"In the name of investor confidence, a powerful U.S. bank is calling on the Mexican government to crush the Zapatista insurgency in Chiapas." Thus begins a striking article in Ken Silverstein and Alex Cockburn's February 1, 1995 issue of Counterpunch.
Silverstein and Cockburn's article is based on an internal report prepared by Riordan Roett, director of Latin American Studies at the Johns Hopkins School of Advanced International Studies and now "on a leave of absence while serving as a Chase advisor."
Studying the report and exploring Roett's other interventions into the Mexico crisis, Silverstein and Cockburn discover a rabid desire for war to protect Chase's investors. In the report Roett argues: "The government will need to eliminate the Zapatistas to demonstrate their effective control of the national territory and security policy." At a January 11 seminar for hundreds of investors organized by the Center for Strategic and International Studies, Roett "conceeded that his call for war, if heeded by Zedillo, might provoke negative repercussions internationally, but here were 'always political costs in bold actions.'"
Coming on top of other, more fragmentary but frequent, evidence of the role of Wall Street in precipitating Zedillo's declaration of war, these materials indicate even more strongly than ever that however much Zedillo may wish to crush the Zapatistas for his own internal reasons, the external pressures of international capital had become acute. Unfortunately, the authors conclusion that "For now, Zedillo and a PRI majority will likely reject Roett's final solution for Chiapas." has proved to be all too optimistic.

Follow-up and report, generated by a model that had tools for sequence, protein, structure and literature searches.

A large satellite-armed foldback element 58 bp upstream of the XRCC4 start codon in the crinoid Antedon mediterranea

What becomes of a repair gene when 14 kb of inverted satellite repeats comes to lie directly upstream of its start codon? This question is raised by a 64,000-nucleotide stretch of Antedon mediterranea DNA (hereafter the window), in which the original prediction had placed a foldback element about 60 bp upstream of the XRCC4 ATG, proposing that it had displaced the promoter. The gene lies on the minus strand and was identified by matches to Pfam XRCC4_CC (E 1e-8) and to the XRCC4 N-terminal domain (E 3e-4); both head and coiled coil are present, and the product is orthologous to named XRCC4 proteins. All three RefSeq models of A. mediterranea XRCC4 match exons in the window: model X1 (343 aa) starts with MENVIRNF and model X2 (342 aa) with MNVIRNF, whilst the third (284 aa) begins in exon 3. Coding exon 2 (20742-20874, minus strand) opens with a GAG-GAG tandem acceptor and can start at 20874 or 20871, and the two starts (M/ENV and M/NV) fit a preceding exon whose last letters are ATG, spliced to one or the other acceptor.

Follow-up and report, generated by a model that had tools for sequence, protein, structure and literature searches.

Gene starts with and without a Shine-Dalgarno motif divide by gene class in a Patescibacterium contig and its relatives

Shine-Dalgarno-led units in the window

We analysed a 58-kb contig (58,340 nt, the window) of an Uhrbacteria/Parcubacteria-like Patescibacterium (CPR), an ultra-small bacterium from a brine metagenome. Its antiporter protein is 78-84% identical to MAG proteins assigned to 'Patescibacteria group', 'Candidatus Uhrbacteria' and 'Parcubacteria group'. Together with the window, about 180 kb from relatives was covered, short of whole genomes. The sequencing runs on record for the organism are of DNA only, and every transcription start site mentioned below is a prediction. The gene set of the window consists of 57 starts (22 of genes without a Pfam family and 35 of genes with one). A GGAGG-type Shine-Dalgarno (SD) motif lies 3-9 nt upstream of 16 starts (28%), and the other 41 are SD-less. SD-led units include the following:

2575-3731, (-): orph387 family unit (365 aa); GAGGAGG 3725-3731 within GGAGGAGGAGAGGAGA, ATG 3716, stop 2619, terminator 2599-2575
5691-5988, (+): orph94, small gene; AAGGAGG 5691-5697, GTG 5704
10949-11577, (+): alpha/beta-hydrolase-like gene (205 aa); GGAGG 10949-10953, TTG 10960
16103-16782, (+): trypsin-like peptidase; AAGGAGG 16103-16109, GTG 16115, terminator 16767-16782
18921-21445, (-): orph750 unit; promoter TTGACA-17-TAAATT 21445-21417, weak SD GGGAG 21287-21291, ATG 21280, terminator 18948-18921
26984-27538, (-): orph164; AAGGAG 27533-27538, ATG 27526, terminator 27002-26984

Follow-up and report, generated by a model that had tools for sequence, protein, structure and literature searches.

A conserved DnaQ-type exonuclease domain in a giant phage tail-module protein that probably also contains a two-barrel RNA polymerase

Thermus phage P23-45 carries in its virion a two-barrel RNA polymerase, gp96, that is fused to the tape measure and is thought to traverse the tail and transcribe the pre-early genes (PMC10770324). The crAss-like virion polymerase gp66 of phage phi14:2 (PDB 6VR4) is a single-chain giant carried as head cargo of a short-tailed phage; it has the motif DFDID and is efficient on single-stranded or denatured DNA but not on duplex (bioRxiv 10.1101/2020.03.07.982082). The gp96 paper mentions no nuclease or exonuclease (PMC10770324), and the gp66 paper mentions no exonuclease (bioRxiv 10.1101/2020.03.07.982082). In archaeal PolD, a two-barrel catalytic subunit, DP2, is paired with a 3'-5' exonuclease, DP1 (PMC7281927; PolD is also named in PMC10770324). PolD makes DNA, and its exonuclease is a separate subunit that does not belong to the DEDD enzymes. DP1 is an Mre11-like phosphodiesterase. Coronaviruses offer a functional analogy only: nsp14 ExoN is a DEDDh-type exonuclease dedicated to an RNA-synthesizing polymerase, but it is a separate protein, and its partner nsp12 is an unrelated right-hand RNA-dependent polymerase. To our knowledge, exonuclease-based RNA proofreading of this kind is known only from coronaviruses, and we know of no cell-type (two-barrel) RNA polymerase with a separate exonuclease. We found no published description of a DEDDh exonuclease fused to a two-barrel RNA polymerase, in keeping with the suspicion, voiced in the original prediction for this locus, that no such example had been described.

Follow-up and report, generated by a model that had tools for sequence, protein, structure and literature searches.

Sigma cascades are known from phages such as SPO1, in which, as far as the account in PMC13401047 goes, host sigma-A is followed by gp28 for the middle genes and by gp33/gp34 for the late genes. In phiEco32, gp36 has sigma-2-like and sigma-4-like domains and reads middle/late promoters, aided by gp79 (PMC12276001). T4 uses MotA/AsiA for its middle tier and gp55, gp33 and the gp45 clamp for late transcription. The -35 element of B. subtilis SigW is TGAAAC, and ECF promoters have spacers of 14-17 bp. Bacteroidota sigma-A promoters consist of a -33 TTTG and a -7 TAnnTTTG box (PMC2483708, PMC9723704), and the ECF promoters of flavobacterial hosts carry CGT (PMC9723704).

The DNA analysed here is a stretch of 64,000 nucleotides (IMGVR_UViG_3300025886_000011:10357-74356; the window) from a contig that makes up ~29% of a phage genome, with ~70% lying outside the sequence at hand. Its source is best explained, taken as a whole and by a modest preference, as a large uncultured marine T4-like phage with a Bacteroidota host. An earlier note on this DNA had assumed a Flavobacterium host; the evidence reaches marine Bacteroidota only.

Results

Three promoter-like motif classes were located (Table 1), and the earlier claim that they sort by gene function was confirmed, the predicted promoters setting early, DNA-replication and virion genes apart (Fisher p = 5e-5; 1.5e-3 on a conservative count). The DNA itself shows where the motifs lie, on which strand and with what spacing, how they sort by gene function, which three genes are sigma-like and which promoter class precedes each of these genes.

Ken Silverstein and Alexander Cockburn, "Major U.S. Bank Urges Zapatista Wipe-Out: 'A litmus test for Mexico's stability'" COUNTERPUNCH, Vol. 2, No. 3, February 1, 1995.
In the name of investor confidence, a powerful U.S. bank is calling on the Mexican government to crush the Zapatista insurgency in Chiapas. Heading up the larger Wall Street war party is Chase Bank, specifically its Emerging Markets Group, which has billions at risk in Mexico. Chase's Jan. 13 "Political Update on Mexico," passed to COUNTERPUNCH by a banking insider, states bluntly: "The government will have to eliminate the Zapatistas to demonstrate their effective control of the national territory and security policy."
Chase is under no illusions that the December crash of the peso was prompted by the Zapatistas. It is fully aware that the implosion of the Mexican economy was caused by the overvaluation of the peso that enabled U.S. investors such as itself to convert their killings on Mexican bonds into the safety of the dollar.
U.S. financiers and political strategists now fear that a Mexican government led by the novice Ernesto Zedillo --rather than by Washington's trusted agent, ex-President Carlos Salinas-- will waver, temporize with the Zapatistas and seek to placate domestic discontent.